I can’t hear you…

January 5, 2009

A monk asked Shigui, “What is the first principle?”

Shigui said, “What you just asked is the second principle.”

 — from Zen’s Chinese Heritage

A few weeks ago, I was trying to pass along some information to a friend that I hoped would help resolve a conflict with which she was struggling. She was angry and, no matter what data I provided, I could tell it wasn’t getting through. Every point I tried to make, my friend got more defensive. She wanted out of the conversation and I was ready to give up.

There were clear signs that I needed change my approach. A “fight” (anger/attack) – “flight” (let me out of this conversation) reaction was a blaring indication that she was scared. Fear sits right underneath anger and avoidance.

When we are afraid, we are focused more on surviving than gathering new information. When the adrenaline kicks in, our brain screams, “Get yourself out” and is not much interested in sticking around to learn. So in this state, we don’t hear so well.

Trying to convince another is highly ineffective when she is worried about losing something dear to her. I know this, yet had forgotten as I laid out my well-developed argument…ah yes, teaching what I continue to integrate! After a few tries, I remembered an important cross-cultural rule of thumb, “Ask Questions.”

Asking open-ended questions calms and opens thinking. From a brain perspective, when I need to consider and answer a question, I move from my survival-focused brain stem up into more contemplative neocortex. In that portion of our heads, we can consider past, present and future, be creative, and are more willing to learn.

Open-ended questions cannot be answered with a “yes” or “no.” The better the question, the more it slows the listener to consider it. That might be confusing, but our best inquiries stop others in their tracks.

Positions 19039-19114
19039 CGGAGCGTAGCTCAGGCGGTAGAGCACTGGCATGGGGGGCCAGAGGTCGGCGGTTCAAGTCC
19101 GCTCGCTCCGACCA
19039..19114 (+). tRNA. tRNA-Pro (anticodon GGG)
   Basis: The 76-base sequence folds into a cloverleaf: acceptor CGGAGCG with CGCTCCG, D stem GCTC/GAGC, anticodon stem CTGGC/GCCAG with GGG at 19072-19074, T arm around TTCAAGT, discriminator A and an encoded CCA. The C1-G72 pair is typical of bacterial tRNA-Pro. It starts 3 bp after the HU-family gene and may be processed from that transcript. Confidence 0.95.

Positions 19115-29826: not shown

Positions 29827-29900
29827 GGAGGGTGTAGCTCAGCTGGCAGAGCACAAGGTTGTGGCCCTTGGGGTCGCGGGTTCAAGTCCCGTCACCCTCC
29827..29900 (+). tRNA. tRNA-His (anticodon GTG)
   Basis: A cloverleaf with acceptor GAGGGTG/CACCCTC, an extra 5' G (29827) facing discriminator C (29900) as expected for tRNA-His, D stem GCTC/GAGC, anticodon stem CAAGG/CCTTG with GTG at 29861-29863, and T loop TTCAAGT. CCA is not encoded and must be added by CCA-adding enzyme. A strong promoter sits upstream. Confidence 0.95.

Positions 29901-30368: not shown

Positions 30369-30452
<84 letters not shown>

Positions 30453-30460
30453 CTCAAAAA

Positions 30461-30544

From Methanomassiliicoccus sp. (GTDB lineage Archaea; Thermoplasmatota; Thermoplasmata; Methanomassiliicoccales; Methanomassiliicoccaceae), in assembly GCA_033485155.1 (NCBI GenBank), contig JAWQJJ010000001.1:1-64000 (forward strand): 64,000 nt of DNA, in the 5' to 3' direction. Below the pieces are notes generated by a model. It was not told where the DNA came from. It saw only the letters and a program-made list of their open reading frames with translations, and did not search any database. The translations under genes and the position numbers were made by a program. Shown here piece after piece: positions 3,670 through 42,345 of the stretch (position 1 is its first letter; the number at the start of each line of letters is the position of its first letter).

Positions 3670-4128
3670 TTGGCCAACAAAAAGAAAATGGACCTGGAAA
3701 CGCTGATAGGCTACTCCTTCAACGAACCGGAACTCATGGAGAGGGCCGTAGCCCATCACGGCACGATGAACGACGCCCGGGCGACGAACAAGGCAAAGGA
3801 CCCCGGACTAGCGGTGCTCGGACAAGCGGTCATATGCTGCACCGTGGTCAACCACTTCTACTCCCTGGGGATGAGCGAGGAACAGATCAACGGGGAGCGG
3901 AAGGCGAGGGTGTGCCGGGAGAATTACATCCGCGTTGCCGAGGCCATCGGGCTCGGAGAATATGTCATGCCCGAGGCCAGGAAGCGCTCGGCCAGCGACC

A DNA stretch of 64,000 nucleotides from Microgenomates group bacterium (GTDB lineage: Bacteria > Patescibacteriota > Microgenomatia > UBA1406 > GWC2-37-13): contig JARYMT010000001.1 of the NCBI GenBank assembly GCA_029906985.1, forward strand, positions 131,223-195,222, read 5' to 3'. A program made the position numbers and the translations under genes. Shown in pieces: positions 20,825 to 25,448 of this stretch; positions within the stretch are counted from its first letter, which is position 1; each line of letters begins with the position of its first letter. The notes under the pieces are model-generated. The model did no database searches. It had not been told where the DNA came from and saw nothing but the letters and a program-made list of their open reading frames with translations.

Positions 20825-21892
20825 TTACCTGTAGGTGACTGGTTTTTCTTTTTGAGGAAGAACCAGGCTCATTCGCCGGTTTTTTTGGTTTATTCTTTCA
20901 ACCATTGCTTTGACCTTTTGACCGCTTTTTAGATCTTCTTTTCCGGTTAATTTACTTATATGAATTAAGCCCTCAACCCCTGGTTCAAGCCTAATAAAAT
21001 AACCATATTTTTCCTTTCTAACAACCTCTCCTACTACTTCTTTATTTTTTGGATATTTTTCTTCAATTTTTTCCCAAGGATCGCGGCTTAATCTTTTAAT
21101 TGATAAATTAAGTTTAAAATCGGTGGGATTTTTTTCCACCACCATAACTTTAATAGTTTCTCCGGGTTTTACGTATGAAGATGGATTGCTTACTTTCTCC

Favorite questions include:

  • What would you have liked to have been different?
  • What could I do differently?
  • When you have been in your opponent’s situation, what would you have appreciated or needed?
  • Best of all possible worlds, what would you like to happen in the future?
  • What should our next steps?
  • How could I best support you? 

Our conversation shifted when I remembered to ask a question, in my case, the third above. Instead of striving to present positions, I became privy to my friend’s wisdom on practical ways to support another through tough times. We both listened better while she considered her next steps and I provided the information I thought might help. Our conversation, and later her conflict, were transformed.

Ask questions…A remembered mantra in my litany.

Deidre Combs

Deidre Combs is the author of three books on cross-cultural approaches to resolving conflict and overcoming challenges:  The Way of ConflictWorst Enemy, Best Teacher  and Thriving Through Tough Times. The books integrate perennial wisdom from the world’s lasting cultural traditions with systems theory and brain research.

Dr. Combs is a management consultant, executive coach, mediator and core instructor in Montana State University’s Leadership Fellows Certificate Program and Columbia University’s Teacher’s College Global Competence Certificate Program. Since 2007, she has also taught intensive leadership training to State Department-selected students, teachers and professional leaders from throughout the Middle East, Africa, Asia, Eurasia, Latin America and Pakistan’s FATA region.

Related Posts